The demand for sex education to be made compulsory, to move beyond biology and into the emotional realm, and to cover a broader, more inclusive range of topics, unites purple-haired feminists with blue-rinsed members of the House of Lords, and LGBT campaigners with Daily Telegraph readers. These diverse groups come together in the feigned astonishment that accompanies their rhetorical question: ‘Why wouldn’t we teach children not to rape?’ They share a belief that savagery is released when sexuality is allowed free reign, that an innate predatory impulse is held in check only by teachers and the correct learning outcomes.
There’s surely no better time to raise awareness of this cynical, twisted and fearful view of relationships than Valentine’s Day. Members of the National Student Pride, the Terrence Higgins Trust and the National Union of Students LGBT+ campaign chose 14 February to send postcards to MPs demanding that sex education be made mandatory, that it cover the topic of consent and that it include lesbian, gay and bisexual issues. The current state of sex-and-relationships education (SRE) is presented as the cause of all problems. ‘My poor SRE contributed to body-shaming and poor mental health’, says one postcard. ‘A lack of knowledge made it more difficult for me to come out’, claims another. Yet campaigners are pushing at an open door: last week it was revealed that with 23 Conservative MPs now backing a change in the law, ‘compulsory relationship education’ will almost certainly be introduced.
The relentless campaigning around sex education is bizarre. The overwhelming majority of children already receive SRE – it stopped being simply about biological facts as far back as the 1960s (1). The Handbook of Health Education, government advice for schools published in 1968, recommended that children should learn about contraception and that sex should be presented as an emotional experience. Despite subsequent changes in the political weather, in practice, sex education has become ever more entrenched as a feature in the school curriculum, and continues to expand into new areas. In 1990, sex education became part of personal and social education (PSE) classes which, in 1996, became part of the ‘basic curriculum’. In 2010, the Department for Education reiterated that ‘children need high-quality SRE so they can make wise and informed choices’. In 2013, the Department of Health’s Sexual Health Improvement Framework also argued the need for all children to receive high-quality SRE.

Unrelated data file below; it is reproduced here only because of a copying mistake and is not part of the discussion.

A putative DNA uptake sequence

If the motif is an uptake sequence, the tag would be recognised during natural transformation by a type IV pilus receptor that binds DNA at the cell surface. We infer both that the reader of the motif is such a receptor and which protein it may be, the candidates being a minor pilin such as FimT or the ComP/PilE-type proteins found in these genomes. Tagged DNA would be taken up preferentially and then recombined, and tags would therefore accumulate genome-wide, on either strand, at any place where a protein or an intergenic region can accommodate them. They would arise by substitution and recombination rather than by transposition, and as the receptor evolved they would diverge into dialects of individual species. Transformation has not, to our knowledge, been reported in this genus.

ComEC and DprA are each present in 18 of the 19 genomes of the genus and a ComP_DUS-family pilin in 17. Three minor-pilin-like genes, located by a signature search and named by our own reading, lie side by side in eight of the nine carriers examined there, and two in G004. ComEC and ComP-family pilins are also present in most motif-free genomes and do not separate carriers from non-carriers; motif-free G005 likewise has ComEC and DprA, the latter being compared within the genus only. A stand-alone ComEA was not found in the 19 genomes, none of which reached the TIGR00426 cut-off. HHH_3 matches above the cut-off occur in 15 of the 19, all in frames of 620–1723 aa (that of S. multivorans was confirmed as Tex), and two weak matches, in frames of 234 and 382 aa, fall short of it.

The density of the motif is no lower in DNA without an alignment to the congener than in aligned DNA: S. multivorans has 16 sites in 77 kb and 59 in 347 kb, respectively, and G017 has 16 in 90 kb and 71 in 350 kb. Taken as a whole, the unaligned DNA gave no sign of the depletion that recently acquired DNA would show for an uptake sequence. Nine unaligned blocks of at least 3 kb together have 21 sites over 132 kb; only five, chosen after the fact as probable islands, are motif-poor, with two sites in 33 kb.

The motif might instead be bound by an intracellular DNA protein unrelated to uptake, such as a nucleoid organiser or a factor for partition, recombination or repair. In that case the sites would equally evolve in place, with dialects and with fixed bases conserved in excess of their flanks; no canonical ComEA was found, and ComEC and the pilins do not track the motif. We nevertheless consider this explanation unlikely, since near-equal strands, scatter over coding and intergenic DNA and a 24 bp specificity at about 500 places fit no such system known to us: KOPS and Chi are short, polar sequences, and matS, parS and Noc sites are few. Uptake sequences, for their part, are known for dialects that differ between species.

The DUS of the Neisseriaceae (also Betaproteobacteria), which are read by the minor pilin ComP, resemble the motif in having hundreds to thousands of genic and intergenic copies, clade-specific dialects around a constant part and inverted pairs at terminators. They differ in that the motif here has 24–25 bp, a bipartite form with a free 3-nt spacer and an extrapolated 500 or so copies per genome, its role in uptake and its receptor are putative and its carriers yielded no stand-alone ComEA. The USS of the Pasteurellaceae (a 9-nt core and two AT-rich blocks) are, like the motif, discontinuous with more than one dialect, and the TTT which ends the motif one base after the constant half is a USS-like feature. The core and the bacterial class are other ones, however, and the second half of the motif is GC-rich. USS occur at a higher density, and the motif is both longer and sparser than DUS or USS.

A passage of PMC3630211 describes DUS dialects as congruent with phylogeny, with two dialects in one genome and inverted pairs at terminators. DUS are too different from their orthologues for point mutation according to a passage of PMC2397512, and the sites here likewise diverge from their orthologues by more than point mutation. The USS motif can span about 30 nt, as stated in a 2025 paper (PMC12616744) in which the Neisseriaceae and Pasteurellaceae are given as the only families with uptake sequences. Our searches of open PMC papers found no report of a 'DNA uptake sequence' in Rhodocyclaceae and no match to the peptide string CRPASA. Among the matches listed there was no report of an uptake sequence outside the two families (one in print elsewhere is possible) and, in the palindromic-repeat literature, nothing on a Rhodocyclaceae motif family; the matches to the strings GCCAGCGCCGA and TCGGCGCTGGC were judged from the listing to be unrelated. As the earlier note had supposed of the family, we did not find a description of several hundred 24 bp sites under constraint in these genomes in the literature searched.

Unfortunately, the ever-present clamour for more and better SRE isn’t simply a waste of time. SRE is being championed as a means of teaching children not just biology, and not just how to behave when in a relationship, but how to think and feel about sex. Sex is presented to young people as risky – not simply because of unwanted pregnancy or sexually-transmitted infections, but as emotionally risky. Sex, children are taught, can seriously damage your emotional wellbeing – it needs to be practised in a way that is not just physically safe, but emotionally safe. In order to protect themselves from this risk, children are encouraged to master, often through roleplay, a range of pre-approved emotional responses. Sex education has moved from biology, to PSE, to safeguarding and child protection.
Any attempt at teaching more than the biology of sex necessarily involves imparting values and moral judgements. This is precisely why campaigns around sex education are such a big deal at the moment. Timetabled lessons teach children what to think about the most private areas of their lives and how to conduct relationships with each other in the most direct and unmediated way possible. The values currently being pushed (the questioning of gender and the assumption of heterosexuality as well as the importance of asking for, and receiving, consent before every interaction) chime with an agenda being promoted by feminist campaigners.